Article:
Yes, he is talking about Potholes, but makes an omission because he believes that the upper class in the House of Lords consider the people who live in a shit-hole lesser than a Grade A Politician. And further then refers to people as "holes" by jesting that somehow poor people aren't good enough to understand music; the Albert Hall had a capacity of about 4,000 seats back then.

    He also expresses his disdain for War, for people who turn their backs & bury their heads in the sand whilst keeping the typical English pride in winning wars, as well as hinting "I'd Read the Book" - as in Manifesto, which subsumes his initial remark "Nobody was really sure if he was from the House of Lords" the very people or person who start wars, most potentially could have been distracted by one of the Potholes & got killed on the road."

    "I Had to Laugh" merely reassures the listeners that if the Rich don't care about the poor, the poor aren't about to care about them. Even from a human perspective.

    "I'd love to turn you on" is a play on words once again. At first, it would appear that John is being cheeky as usual! But he is also saying very covertly to those who introspect "I'd love to turn you on to these issues".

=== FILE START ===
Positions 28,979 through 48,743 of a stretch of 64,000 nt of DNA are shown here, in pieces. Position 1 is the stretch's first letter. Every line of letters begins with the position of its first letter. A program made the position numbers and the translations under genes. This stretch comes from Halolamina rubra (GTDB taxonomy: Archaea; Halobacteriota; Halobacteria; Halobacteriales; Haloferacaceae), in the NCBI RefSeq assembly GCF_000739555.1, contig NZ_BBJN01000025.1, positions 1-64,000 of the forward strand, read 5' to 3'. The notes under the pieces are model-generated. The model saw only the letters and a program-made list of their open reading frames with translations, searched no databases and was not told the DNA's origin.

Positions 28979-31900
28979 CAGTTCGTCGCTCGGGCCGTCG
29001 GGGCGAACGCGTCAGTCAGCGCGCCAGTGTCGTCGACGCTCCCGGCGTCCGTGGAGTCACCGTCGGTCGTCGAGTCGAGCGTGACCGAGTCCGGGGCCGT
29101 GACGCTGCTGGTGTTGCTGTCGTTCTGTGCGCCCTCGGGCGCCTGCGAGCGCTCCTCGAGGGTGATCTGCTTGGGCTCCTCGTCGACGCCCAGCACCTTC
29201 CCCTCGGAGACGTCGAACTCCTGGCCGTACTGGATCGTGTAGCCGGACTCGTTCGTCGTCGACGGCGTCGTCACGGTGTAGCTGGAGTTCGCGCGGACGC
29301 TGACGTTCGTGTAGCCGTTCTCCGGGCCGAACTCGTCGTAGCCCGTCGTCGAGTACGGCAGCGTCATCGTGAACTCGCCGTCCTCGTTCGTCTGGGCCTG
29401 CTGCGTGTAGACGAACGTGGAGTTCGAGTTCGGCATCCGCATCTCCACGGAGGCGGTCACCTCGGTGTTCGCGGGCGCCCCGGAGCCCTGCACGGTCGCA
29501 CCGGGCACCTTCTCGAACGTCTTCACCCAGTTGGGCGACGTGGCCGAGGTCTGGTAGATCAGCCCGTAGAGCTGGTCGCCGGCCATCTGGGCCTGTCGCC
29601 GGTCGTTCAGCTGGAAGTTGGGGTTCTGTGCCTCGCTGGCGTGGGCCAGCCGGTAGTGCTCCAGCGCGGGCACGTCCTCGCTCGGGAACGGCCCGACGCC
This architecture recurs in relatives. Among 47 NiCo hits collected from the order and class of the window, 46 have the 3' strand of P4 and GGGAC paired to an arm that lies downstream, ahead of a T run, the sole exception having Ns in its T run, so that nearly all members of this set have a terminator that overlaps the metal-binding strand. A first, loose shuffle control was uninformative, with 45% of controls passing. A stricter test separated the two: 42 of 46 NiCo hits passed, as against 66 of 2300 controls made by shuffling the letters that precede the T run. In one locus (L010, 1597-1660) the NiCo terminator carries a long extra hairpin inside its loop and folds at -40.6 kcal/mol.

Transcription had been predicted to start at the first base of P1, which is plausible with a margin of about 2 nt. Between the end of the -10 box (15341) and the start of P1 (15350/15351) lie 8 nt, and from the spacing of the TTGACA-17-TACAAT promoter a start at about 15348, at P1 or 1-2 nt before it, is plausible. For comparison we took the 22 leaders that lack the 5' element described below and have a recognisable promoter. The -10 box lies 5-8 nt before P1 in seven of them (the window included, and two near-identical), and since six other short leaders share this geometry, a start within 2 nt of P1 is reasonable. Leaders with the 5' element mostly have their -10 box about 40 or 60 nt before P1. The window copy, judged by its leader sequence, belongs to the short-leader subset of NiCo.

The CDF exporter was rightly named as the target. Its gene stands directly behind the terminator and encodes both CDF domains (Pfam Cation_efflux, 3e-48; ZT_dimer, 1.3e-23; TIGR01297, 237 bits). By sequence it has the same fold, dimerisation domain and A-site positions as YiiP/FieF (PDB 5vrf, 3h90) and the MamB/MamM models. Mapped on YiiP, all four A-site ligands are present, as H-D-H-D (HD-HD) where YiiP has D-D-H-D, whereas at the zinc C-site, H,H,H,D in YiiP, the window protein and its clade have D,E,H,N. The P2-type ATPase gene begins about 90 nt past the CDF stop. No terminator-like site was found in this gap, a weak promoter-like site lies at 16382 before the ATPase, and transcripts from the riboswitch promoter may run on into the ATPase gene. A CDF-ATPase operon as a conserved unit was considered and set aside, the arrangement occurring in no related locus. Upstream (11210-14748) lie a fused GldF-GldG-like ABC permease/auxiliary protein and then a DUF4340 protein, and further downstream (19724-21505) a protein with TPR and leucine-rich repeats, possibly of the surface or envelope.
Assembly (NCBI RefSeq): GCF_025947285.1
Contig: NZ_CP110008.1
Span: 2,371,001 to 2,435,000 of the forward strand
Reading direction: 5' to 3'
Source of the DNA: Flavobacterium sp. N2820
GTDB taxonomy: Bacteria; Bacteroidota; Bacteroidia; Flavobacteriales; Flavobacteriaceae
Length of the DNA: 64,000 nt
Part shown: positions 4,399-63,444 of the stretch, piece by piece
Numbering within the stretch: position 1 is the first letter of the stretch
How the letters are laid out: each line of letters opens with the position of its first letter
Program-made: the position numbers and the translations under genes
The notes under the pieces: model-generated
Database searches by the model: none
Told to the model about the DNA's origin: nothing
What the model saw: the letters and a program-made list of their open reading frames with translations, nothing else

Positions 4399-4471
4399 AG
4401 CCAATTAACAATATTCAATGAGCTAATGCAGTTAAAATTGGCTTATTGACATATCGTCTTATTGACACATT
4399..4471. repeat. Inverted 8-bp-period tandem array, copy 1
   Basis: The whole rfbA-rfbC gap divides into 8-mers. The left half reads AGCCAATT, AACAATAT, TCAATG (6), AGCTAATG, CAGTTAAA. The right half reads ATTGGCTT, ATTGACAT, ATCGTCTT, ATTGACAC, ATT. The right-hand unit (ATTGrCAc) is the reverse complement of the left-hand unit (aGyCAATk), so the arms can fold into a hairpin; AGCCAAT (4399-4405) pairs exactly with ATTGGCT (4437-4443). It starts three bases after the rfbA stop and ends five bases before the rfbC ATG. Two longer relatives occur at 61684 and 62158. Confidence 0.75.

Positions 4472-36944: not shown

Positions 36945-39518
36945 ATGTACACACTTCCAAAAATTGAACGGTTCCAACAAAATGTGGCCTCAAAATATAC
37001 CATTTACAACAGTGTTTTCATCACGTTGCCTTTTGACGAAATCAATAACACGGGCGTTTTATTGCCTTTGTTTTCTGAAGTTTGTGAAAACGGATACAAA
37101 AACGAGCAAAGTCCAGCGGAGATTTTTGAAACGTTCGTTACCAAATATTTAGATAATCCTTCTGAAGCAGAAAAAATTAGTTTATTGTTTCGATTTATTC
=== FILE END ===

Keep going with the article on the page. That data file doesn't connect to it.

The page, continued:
It's the only line he repeats & is a metaphor for the whole song. The Orchestral [orgasm] Crescendo is a clandestine statement that we can either make love, or war. [With the end of the song representing a Nuclear Explosion]

    Paul's section is merely there to play out as a philistine; a servile Joe worker who just daydreams his life's journey away with all the other passengers travelling in the same direction; "being taken for a ride".

    In a nut shell, John is unhappy with all the things that segregate us & wishes everyone would stop long enough to come out of the dream. He had a point back then, & it is fundamentally quintessentially relevant now more than ever.

    If only he had know about The Venus Project back then. I think he would have supported it :) No Poverty, Greed, Politics, or War? Who wouldn't want that?
    caldera115on April 22, 2017   Link
  • +1
    General CommentPaul's my favourite Beatle for some reason, I know his earlier lyrics are often about love and are pretty cliched. But his later ones were experimental too, it's just that John was more innovative and went along more psychedelic routes. However, most of the *really* famous Beatles songs are by Paul (Yesterday, Hey Jude). Both John and Paul are important to the Beatles though
    Cherub Rockon August 19, 2002   Link
  • 0
    General Commentit's good
    maxpower7489on January 08, 2002   Link